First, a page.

戒 VOWS 

a film by Edward A. Burger, 2013

filmed in Hebei Province, China/37 minutes/NTSC 24P DVD widescreen/Mandarin with English subtitles



Story

VOWS tells the story of monastic discipline in Chinese Buddhism with narration by Ven. Ming Ying, Senior Prior of Bailin Monastery, and seven ordained monks who recount their journeys from young layman to ordination day. Ven. Ming Ying, formerly the Dean of Academic Affairs at Hebei Buddhist Academy, comments on the historical struggle between lineage and adaptation as the Buddhist monastic tradition took hold in the cultural landscape of China. He offers a thought-provoking narrative on Buddhist discipline as a guide for both monastic and layperson through the difficulties of everyday life in this world. 

 

Content

Content includes footage from inside Bailin Monastery (柏林寺/bailinsi,bolinsi), one of China’s most important Chan training /education centers. Viewers are witness to a “Triple-Platform Precept Transmission Assembly” (傳授三壇大戒法會/chuanshousantandajiefahui) for which monks from all over China have assembled to formally receive the Prātimokṣa precepts. Laypeople gather in the front courtyards of Bailin to pay homage (燒香/shaoxiang, 拜佛/baifo) by offering incense and prostrations. Some offer their hand in the kitchen to prepare food for the over 200 ordinands in attendance. Ven. Ming Ying narrates and seven ordained monk offer candid stories from their lives as monks.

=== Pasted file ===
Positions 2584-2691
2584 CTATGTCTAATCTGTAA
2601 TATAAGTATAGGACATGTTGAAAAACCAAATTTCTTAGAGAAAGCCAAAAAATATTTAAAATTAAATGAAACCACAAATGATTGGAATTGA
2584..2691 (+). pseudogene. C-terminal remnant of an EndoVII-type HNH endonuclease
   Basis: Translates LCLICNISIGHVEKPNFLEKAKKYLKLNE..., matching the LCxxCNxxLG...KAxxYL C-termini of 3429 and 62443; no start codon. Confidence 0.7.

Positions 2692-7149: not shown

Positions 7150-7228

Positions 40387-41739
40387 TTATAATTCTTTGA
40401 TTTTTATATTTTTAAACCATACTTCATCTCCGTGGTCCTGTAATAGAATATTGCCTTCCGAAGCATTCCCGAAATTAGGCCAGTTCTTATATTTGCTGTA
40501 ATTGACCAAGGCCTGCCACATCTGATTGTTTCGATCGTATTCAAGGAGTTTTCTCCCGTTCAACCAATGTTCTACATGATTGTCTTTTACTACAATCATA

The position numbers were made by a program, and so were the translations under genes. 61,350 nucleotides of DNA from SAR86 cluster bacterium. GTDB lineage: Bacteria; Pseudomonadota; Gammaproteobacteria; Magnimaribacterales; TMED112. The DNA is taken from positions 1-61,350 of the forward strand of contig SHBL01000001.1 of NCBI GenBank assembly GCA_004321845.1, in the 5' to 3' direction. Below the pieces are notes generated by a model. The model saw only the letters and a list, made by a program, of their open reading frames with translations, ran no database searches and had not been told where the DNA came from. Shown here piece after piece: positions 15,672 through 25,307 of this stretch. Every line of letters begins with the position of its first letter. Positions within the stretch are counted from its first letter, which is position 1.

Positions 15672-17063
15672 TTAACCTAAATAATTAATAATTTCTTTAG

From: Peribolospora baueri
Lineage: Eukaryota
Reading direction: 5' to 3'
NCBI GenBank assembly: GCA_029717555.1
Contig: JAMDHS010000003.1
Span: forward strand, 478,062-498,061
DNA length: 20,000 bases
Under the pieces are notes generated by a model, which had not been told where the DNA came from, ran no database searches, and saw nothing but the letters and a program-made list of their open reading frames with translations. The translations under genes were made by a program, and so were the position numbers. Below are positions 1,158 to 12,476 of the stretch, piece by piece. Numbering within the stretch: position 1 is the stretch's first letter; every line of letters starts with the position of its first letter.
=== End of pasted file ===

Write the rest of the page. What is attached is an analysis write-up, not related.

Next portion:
Educators

Educators can use this film as a framework for discussions on commitment, discipline and ritual in religious traditions as well as Chinese Buddhist life, monasticism and ordination traditions. 

Students can discuss the seemingly paradoxical relationship between discipline and liberation, and what role that plays in their modern lives today. 

Discuss the historical factors that led to China’s unique ordination traditions.

Encourage students to reflect on guidelines and “rules” in their lives which one may say are guidelines to leading a healthier, spiritual life.

 How could modernity affect this kind of traditional ritual and these traditional principles of discipline? Should this affect be allowed?